Crop sequencing and manager2

Crop sequencing and manager2


The “new” simulations have an increasing number of .NET management components that work in both single and multiple crop configurations. They all use a convention that if there is a “sequencer” plugged into the system, then they listen to it – if there’s no sequencer, they do what they want when they want. The presence of a sequencer is announced by the existence of the variable “currentPaddock”. So, if a crop management component in a single paddock, single crop simulation is trying to decide whether to plant its associated plant module, it will ask the system for the variable “currentPaddock”, receive no responses, rightly assume that it is the only crop in the system and act accordingly: whenever its planting conditions are met, it will sow or harvest that crop.

In a multiple crop simulation, a sequencer is present in the system to provide the plant management components direction as to when they can or cannot plant – and it does so via the variable “currentPaddock”. If the plant management component finds that variable in the system, it will not do anything until it’s told: it then relies on the sequencer to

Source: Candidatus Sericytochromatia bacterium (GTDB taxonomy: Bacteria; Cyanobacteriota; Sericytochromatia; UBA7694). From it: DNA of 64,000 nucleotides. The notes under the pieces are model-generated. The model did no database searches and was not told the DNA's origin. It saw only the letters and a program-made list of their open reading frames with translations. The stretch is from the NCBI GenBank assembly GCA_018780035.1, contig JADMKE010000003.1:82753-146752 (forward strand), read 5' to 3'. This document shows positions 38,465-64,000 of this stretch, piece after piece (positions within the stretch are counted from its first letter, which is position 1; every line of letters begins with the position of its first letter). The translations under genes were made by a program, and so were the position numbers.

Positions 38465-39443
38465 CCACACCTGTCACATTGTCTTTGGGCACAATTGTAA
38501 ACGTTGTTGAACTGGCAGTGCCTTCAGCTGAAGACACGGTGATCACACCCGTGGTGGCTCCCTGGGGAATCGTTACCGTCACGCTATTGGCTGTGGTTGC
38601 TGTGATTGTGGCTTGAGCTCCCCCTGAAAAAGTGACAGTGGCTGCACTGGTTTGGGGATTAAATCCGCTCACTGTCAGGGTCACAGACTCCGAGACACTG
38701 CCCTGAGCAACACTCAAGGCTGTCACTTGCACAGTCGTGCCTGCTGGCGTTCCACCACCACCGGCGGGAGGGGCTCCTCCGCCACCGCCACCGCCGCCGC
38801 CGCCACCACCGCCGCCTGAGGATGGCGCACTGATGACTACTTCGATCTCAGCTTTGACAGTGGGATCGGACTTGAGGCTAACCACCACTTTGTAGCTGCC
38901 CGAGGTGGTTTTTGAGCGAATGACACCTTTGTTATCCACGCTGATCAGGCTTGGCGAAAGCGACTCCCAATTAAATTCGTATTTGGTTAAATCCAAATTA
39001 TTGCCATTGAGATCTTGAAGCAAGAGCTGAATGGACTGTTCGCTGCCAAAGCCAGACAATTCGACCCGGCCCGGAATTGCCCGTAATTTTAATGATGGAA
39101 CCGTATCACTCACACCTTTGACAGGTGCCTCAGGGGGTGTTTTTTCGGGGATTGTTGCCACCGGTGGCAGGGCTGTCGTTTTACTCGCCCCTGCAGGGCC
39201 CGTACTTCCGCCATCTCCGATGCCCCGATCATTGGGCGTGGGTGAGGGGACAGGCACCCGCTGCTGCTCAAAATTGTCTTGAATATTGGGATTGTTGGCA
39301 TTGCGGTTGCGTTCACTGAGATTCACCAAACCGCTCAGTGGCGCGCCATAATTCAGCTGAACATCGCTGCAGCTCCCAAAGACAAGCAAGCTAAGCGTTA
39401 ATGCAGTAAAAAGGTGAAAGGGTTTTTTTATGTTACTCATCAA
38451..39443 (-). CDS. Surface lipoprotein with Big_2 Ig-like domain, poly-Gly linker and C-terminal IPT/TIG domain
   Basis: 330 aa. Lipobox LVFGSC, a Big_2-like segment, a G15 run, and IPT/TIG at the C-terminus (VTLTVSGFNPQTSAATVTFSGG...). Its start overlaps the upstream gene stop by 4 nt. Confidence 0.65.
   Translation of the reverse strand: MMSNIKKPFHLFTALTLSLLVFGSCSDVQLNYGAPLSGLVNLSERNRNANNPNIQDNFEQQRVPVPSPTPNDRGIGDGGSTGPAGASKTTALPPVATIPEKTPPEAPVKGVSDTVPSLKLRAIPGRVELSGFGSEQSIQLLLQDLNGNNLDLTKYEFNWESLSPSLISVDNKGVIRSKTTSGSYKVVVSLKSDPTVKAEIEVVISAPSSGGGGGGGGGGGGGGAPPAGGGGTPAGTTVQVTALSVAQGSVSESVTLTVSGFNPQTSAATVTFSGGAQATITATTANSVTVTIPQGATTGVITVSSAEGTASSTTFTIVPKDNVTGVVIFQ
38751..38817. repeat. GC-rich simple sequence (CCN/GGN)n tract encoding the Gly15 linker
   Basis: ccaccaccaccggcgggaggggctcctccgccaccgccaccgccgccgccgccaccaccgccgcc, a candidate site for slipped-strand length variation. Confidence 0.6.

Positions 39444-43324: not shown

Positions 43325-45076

• determine whether a particular crop can be planted (eg via canEnter)
  • plant the crop (via Enter)
  • determine whether the crop can be harvested (eg via canLeave)
  • harvest the crop (via Leave)

These Enter/Leave names are not hardwired – just common to both the sequencer’s rules and the crop management component.

In single paddock configurations, the sequencer has only one paddock to care about.

In multiple paddocks, the sequencer manages each paddock by setting the currentPaddock variable before calling the same crop management code.

There are two sequencers in the management toolbox: A monoculture and a directed graph rotation.